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Reviewed by:
  • The Assassination of Hole in the Day
  • James E. Seelye Jr.
Anton Treuer. The Assassination of Hole in the Day. Saint Paul, MN: Borealis Books, 2010. 304 pp. Cloth, $25.95; e-book, $20.95.

Throughout the middle years of the nineteenth century, the Ojibwes in Minnesota endured numerous challenges and changes to their traditional way of life. A variety of outside influences, including traders, merchants, missionaries, and the US government, forced the Ojibwes to adapt. This nearly constant state of flux also allowed some Ojibwes to take advantage of the situation to gain more control and more power over their neighbors.

The Assassination of Hole in the Day vividly illustrates the changes that took place among the Minnesota Ojibwes between the 1830s and the 1860s. Anton Treuer, professor of Ojibwe at Bemidji State University and author of numerous works on the Ojibwes, uses the examples of Hole in the Day (Bagone-giizhig) the Elder and his son, Hole in the Day the Younger, to explain how these two men were able to change the role of power and leadership in their communities. Many of the changes they helped usher in benefited them individually rather than the people they claimed to lead. [End Page 389]

Traditionally, leadership among the Ojibwes was clan-based and hereditary. Furthermore, there were lines drawn between military, civil, and religious leaders. As the nineteenth century progressed, the author points out, not only were these lines muddied, but also the clan system stopped being the most important aspect of who was to lead. Both Hole in the Day the Elder and the Younger took advantage of these changes to rise to power, although it is important to note that both men encountered stiff resistance to their claims of leadership. Furthermore, both men claimed to represent geographical regions, whereas previously, someone only claimed leadership to a specific community.

Treuer carefully explains how the two men were able to circumvent traditional power structures to gain positions of leadership. For example, all of the sources indicate that both men had well-developed powers of persuasion: “Bagone-giizhig was powerful, in part, because he was perceived to be powerful” (76). As those powers more fully developed, Hole in the Day the Elder basically invented the position of chief of the Ojibwe Indians, although no such position existed traditionally. He passed this position to his son upon his death in 1847.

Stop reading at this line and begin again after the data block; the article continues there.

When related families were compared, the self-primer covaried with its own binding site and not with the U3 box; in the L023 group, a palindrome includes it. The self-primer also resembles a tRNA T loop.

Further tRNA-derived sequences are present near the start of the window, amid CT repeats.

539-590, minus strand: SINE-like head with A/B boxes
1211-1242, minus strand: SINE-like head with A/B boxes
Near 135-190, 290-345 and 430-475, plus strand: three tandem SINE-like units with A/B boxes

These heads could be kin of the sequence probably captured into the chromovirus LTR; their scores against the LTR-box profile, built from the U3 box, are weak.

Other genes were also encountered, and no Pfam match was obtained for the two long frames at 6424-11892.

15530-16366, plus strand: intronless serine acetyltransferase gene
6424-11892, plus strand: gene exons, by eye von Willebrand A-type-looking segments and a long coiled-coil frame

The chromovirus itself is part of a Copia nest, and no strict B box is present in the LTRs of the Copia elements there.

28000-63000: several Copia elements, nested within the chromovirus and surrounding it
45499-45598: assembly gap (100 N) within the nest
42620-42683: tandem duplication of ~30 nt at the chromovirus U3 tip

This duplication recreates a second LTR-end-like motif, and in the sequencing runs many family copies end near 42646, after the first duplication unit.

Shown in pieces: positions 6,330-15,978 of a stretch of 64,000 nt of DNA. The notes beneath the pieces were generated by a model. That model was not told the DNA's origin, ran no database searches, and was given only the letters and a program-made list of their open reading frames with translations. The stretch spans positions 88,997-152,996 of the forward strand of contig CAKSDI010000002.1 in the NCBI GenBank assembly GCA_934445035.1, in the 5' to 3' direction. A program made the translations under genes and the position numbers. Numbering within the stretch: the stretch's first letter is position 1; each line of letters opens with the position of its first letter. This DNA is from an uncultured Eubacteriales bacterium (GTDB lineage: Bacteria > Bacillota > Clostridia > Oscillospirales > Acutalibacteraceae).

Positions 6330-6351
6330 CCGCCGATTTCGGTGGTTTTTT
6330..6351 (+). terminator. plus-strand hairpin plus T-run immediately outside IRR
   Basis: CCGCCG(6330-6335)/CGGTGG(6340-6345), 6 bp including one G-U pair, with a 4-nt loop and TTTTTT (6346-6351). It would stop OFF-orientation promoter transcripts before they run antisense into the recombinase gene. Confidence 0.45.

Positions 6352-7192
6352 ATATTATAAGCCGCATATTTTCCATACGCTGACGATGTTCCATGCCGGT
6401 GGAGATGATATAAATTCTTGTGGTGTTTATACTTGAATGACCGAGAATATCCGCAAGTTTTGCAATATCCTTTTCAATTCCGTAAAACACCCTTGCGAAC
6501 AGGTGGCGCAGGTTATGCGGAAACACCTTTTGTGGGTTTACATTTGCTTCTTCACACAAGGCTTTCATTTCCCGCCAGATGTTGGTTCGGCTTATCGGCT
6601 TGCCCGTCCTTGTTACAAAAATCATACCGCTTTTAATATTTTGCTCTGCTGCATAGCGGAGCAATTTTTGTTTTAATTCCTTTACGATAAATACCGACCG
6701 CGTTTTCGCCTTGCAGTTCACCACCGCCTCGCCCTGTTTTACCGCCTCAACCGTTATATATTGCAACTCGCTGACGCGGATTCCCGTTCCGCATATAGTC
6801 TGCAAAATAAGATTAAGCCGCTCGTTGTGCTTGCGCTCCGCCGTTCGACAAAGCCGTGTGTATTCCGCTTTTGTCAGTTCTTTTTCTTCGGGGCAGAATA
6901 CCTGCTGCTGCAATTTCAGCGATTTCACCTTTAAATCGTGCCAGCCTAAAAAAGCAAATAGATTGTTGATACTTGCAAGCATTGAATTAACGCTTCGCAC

After he assumed leadership of the Ojibwes, Hole in the Day the Younger made many enemies. His father did not have a wholly secure grip on his claim to leadership, and his son never would either. However, it appears that the son surpassed his father regarding powers of persuasion, fame, and influence. One way he attempted to secure his position was in the way he dressed. Treuer includes photographs of Hole in the Day that show a man wearing items that encompassed all aspects of Ojibwe leadership—religious, military, and civil. If someone encountering Hole in the Day the Younger did not know better, he or she would automatically assume that Hole in the Day the Younger had great power. As his tenure in a position of leadership progressed, Treuer notes, that would have been a correct assumption.

Hole in the Day the Younger immediately set out to establish the legitimacy of his power and leadership not only to other Ojibwes but to the American government as well. As Treuer describes throughout the book, it was his interactions with the government that eventually earned Hole in the Day the Younger so many enemies that they eventually carried out a plot to assassinate him. He consistently used treaties with the US government to improve his life, and he went too far during an 1867 treaty by adding a provision that he and his heirs receive a one-thousand-dollar stipend annually. Furthermore, he added to his growing feud with merchants and traders, the majority being of mixed white and Indian heritage. Hole in the Day the Younger stipulated in the same 1867 treaty that mixed-blood and “half-breed” people could receive no money from annuity people unless they actually lived on a reservation. This was an obvious slap...


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pp. 389-391
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